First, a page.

Burger King Wants to Muscle Up With a Popeye's Buyout

By Rich Duprey Markets Fool.com

Is Popeye giving up spinach for a Wimpy burger? Not quite, but Burger King just might be willing to chow down on some Popeye's Louisiana Kitchen (NASDAQ: PLKI).

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On Monday, a rumor made the rounds thatRestaurant Brands International (NYSE: QSR), the parent of Burger King and Canadian coffeehouse Tim Horton's, had approached the fried-chicken joint about a merger, though a price still had to be agreed upon. Considering the banner quarter the fast-food operator reported at the same time, a takeover deal isn't such a stretch, and the sources for the rumor say Restaurant Brands has been eyeing other potential candidates as acquisition targets, as well.

Built for growth

It was the strength of each of Restaurant Brands' individual restaurants that had company franchisees building more stores. The company added 32 new locations in 2016 compared to just one the year before, though other fast-food outlets have also started building out their chains again. Wendy's just announced its preliminary full-year results, and it says it added almost 150 restaurants last year, the largest number of new openings since 2005.

Systemwide sales at Tim Horton's grew 2.4% in the fourth period and were up 8.5% at Burger King, as comparable sales rose 0.2% and 2.8%, respectively.

The recovery in industry same-store sales is helping to drive the rebuilding program. Restaurant Brands CEO Daniel Schwartz said it signed a number of development agreements for the Burger King brand in the U.S., which, he notes, "will fuel further opening and remodels in the country for many years to come."

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Burger King has about half the number of McDonald's (NYSE: MCD) restaurants in the U.S. and Canada. Where the Golden Arches sports around 15,000 locations, Burger King has only 7,400, but Schwartz says "there is no reason that the Burger King brands shouldn't be growing at an accelerated pace in the U.S."

Image source: Restaurant Brands International.

According to Reuters, which first reported the alleged takeover discussions between Restaurant Brands and Popeye's, the rationale behind such a deal would be to bring the latter's Louisiana-style fried chicken and buttermilk biscuits to a broader global audience using Restaurant Brands' international muscle.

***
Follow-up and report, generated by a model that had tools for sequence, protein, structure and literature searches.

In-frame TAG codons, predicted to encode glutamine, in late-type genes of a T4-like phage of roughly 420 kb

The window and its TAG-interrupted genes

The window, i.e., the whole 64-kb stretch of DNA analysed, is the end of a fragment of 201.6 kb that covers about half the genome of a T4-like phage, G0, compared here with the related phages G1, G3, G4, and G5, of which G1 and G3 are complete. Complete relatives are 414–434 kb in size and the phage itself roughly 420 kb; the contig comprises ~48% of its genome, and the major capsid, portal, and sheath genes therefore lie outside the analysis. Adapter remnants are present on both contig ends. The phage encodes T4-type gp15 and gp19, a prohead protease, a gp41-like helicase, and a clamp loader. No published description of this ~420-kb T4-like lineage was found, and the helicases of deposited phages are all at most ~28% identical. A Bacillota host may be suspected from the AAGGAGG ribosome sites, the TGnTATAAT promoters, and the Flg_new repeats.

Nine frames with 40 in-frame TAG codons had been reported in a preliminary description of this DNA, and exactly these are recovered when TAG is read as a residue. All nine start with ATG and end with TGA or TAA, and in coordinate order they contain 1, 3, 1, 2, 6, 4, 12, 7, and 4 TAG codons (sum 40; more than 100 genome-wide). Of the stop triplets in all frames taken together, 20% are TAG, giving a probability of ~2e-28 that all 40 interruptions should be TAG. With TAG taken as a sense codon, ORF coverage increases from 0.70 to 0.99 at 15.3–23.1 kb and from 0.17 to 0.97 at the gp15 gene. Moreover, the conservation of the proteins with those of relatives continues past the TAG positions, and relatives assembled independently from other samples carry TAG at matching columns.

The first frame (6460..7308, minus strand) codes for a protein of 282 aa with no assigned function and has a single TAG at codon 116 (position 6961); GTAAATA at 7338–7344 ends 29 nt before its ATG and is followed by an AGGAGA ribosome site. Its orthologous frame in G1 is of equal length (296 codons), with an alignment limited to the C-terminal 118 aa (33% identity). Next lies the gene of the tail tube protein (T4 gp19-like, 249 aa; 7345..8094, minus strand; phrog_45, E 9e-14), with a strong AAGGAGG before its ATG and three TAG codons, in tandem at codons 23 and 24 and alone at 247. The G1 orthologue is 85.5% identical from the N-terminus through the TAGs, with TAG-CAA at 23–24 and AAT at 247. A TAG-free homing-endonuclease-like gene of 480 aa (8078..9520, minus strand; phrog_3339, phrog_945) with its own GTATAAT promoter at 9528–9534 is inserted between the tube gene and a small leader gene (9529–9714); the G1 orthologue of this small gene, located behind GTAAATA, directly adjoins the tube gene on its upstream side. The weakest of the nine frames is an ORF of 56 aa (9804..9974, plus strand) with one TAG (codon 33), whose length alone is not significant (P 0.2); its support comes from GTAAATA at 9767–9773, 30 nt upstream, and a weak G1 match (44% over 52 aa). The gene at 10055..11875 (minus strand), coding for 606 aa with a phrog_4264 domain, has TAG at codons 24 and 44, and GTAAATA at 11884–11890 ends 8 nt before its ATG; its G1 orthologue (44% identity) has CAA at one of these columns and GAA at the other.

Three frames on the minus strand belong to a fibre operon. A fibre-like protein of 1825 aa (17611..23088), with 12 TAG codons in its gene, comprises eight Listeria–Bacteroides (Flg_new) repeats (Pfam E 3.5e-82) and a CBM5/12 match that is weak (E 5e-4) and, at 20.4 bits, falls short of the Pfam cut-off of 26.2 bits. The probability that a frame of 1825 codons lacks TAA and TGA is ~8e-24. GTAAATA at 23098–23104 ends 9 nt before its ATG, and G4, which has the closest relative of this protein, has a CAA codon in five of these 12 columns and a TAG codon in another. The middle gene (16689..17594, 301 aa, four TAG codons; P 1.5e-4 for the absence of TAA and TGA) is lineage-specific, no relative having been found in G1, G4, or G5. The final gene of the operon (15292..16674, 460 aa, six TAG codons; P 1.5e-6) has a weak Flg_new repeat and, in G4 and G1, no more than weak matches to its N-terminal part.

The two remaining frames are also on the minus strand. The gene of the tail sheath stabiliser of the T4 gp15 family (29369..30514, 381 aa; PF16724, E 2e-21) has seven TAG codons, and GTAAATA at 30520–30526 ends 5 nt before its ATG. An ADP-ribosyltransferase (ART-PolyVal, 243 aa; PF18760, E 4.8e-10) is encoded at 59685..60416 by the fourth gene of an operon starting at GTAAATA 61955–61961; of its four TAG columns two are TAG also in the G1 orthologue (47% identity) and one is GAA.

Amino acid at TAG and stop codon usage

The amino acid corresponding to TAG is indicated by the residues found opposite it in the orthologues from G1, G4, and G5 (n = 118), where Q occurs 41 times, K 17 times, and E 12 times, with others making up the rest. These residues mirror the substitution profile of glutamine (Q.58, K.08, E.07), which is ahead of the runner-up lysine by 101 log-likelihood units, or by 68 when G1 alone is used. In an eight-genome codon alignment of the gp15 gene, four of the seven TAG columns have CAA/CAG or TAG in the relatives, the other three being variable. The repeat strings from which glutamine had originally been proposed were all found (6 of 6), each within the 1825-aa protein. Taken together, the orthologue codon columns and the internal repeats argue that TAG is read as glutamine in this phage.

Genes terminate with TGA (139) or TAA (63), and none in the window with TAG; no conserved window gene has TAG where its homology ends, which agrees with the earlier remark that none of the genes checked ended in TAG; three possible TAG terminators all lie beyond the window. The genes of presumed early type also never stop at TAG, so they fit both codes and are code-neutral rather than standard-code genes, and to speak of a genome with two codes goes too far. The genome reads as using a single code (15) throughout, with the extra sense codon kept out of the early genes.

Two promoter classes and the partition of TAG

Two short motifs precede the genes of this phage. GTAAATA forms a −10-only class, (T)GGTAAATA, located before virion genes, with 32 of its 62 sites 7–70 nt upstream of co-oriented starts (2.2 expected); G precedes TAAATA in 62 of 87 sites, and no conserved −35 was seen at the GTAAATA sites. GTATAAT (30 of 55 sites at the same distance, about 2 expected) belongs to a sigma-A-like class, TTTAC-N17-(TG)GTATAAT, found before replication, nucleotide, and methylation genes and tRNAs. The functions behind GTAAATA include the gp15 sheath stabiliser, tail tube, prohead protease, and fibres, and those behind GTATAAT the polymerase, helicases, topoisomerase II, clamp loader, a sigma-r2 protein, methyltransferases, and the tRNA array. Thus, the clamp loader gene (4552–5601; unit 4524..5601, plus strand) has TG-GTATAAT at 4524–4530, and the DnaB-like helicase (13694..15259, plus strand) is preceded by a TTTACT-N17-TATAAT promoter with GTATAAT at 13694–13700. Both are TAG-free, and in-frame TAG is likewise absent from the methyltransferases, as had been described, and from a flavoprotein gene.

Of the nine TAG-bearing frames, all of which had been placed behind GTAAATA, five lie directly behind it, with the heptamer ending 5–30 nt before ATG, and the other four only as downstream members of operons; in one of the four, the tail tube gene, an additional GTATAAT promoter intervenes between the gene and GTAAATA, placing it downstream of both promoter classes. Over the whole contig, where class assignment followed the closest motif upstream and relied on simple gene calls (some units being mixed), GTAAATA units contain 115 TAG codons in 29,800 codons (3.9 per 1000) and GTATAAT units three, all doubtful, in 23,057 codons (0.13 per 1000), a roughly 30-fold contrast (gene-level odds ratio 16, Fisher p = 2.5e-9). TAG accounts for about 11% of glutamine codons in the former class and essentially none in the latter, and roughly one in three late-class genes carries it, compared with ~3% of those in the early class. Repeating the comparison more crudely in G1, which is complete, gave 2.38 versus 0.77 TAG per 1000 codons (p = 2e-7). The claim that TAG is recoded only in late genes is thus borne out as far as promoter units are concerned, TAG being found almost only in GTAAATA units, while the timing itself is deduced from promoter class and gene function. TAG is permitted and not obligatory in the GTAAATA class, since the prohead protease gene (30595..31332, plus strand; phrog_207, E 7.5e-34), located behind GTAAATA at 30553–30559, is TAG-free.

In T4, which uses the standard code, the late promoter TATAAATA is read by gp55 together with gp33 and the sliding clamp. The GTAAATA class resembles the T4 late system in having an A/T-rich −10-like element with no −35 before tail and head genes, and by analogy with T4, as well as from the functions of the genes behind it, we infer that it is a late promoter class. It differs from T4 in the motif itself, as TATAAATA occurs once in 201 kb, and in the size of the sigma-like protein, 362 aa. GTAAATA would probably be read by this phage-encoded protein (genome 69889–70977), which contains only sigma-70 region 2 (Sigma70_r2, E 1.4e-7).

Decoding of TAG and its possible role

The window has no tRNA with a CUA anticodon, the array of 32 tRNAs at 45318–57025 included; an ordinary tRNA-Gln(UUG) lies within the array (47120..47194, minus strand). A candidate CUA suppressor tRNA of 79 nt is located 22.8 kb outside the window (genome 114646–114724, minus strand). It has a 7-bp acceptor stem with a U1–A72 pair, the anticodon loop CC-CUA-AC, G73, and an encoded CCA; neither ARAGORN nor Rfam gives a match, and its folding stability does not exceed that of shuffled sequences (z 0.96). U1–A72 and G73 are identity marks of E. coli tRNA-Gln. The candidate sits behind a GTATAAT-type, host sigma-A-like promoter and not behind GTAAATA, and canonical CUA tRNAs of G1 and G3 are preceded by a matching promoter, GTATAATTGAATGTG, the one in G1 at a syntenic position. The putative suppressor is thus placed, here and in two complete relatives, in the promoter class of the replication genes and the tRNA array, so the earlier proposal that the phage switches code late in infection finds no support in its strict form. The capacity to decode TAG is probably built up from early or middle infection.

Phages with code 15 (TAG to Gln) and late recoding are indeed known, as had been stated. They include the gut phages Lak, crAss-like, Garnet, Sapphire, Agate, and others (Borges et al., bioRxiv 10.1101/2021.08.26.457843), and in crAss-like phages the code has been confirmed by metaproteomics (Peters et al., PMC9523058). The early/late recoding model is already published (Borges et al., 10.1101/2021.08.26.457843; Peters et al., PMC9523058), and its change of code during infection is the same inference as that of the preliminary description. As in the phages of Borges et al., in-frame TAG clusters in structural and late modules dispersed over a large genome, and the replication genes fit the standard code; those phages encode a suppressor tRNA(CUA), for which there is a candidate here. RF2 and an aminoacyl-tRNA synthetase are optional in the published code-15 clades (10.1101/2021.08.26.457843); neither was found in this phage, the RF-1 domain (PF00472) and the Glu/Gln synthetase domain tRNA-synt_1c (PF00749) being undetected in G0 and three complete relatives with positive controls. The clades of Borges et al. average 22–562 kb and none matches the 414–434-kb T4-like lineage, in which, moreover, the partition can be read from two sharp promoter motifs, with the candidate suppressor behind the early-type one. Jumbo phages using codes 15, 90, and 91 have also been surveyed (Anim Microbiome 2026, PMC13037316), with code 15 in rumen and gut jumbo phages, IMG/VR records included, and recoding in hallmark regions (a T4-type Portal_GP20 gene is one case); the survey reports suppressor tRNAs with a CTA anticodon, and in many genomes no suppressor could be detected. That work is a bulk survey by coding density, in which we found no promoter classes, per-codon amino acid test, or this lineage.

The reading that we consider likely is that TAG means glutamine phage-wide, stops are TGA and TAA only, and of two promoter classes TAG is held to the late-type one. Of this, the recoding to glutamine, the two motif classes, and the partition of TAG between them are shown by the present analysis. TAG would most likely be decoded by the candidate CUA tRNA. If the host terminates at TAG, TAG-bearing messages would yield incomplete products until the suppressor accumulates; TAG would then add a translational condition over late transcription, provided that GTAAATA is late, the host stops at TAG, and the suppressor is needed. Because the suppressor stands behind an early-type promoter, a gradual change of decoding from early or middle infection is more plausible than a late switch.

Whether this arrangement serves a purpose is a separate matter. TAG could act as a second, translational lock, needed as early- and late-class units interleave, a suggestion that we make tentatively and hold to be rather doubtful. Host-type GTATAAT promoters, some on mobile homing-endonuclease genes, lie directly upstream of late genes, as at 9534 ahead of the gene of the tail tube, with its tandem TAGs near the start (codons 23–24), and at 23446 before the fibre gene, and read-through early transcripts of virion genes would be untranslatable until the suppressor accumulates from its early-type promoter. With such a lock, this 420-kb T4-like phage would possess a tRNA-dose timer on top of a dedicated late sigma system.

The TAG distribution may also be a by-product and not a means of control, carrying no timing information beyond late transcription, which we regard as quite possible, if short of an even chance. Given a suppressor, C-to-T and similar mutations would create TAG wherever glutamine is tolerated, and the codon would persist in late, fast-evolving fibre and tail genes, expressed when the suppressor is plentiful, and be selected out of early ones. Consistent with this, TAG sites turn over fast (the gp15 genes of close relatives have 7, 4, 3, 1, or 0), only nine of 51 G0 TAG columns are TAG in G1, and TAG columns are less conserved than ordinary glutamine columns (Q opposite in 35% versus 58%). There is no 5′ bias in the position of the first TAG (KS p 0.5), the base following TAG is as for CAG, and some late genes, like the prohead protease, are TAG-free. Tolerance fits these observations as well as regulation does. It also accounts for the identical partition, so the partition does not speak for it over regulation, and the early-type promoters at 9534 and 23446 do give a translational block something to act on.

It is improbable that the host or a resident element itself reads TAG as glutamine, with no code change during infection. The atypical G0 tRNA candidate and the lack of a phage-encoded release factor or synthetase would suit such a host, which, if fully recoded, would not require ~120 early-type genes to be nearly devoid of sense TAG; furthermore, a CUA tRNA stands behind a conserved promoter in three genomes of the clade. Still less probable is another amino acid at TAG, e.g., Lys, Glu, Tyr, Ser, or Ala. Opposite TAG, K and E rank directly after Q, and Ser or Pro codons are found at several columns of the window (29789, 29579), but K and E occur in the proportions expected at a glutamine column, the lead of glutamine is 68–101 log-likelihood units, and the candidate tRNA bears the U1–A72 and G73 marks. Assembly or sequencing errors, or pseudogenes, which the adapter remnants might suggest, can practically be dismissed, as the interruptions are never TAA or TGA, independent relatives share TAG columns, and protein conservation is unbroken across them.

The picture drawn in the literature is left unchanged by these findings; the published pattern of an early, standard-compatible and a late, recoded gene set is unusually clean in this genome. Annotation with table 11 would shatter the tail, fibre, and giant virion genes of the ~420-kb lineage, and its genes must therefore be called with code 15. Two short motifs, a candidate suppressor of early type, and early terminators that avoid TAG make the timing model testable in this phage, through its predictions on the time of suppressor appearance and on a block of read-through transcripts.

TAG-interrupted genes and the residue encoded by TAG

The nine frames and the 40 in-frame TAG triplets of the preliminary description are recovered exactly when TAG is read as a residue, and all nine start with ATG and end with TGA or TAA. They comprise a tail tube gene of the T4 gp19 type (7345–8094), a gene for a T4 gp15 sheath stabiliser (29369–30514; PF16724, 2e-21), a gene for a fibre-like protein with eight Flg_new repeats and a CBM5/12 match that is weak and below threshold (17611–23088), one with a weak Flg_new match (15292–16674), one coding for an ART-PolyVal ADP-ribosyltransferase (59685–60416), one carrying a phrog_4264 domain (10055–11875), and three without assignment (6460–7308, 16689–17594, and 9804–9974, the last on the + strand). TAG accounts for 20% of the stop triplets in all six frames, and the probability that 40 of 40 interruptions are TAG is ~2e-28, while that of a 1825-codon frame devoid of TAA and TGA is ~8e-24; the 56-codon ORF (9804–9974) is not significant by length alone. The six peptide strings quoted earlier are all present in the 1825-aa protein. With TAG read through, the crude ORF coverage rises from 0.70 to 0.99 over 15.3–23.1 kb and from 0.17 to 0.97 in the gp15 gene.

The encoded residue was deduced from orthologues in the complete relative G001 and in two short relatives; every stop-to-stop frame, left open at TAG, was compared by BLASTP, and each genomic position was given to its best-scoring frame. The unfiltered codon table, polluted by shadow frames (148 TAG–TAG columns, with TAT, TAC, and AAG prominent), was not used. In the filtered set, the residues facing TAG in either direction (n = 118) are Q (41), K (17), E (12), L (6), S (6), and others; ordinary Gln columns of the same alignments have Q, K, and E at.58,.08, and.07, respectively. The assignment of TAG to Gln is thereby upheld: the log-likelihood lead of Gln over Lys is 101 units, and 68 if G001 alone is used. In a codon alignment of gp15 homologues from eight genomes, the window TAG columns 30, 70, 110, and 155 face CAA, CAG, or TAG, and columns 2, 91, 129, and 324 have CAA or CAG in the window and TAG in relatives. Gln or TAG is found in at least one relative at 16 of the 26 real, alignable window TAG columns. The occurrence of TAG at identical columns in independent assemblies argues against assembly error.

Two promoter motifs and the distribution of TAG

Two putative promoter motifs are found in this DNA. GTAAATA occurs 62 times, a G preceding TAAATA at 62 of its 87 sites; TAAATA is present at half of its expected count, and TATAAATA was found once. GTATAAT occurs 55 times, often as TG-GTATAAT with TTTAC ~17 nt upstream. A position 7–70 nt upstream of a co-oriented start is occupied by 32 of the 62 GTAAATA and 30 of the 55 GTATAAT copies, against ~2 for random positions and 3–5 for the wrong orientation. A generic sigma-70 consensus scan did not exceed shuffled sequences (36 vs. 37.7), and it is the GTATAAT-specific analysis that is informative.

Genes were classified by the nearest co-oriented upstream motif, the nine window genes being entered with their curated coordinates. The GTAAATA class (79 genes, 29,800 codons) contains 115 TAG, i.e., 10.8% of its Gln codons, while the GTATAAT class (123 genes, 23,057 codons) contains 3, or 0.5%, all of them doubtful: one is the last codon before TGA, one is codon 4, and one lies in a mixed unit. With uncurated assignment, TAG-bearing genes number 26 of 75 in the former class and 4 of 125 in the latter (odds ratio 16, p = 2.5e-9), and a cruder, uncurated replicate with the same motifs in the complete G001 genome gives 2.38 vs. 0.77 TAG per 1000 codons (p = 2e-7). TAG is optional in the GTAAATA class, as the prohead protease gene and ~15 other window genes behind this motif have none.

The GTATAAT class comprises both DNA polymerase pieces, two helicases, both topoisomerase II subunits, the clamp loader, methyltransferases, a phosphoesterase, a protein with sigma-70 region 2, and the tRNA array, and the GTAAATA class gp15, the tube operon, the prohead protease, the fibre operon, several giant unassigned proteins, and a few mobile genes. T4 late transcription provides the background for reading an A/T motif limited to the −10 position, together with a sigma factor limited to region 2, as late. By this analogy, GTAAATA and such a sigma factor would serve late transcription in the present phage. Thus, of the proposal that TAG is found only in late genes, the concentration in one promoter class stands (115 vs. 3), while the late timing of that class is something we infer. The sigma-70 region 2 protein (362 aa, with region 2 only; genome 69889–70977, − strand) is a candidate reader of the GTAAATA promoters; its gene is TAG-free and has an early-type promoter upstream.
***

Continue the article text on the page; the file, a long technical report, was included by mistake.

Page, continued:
Popeye's, though, has been on a building spree itself, opening 52 restaurants in the U.S. in the fourth quarter and 37 internationally, bringing its total new restaurant openings for the year to more than 200. It has a total of 2,688 restaurants in operation, more than three quarters of which are in the U.S.

A tough merger to swallow

While both Restaurant Brands international and Popeye's refused to comment on the merger rumors, and though the latter's stock soared initially on the report before coming back down when nothing materialized right away, there are analysts who are doubtful the story is real.Not in the sense it was "fake news" like the press release purportedly issued last week by McDonald's saying it was buying out Chipotle Mexican Grill for $570 per share,but rather they didn't believe Restaurant Brands was ready to make an acquisition since it had yet to fulfill the promise of its purchase of Tim Horton's.

Image source: Tim Horton's.

When Burger King bought Canada's largest coffee and donut shop for $11 billion in 2014, the idea was that it would be able to spread that signature combination internationally while letting the burger joint begin selling packaged goods in supermarkets.

That growth, though, has been slow in coming. Today, there are only about 100 more Tim Horton's operating than there were at the time of the acquisition. Now, it supposedly wants to take on another fast-food chain and grow it globally, too.

Of course, this isn't the first time Restaurant Brands was supposedly interested in buying Popeye's Louisiana Kitchen. The New York Post says the burger joint walked away from a proposed buyout of its rival "a few months ago," and its source says that, although talks may have started up again since, it wasn't likely.

While Burger King, Tim Horton's, and Popeye's are all doing better for themselves, McDonald's stumbled in the recent quarter, indicating the fast-food industry is still on shaky feet, like much of the rest of the dining category. Another big deal, such as a Popeye's buyout, probably isn't on the menu.

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Rich Duprey has no position in any stocks mentioned. The Motley Fool owns shares of and recommends Chipotle Mexican Grill. The Motley Fool recommends Popeyes Louisiana Kitchen. The Motley Fool has a disclosure policy.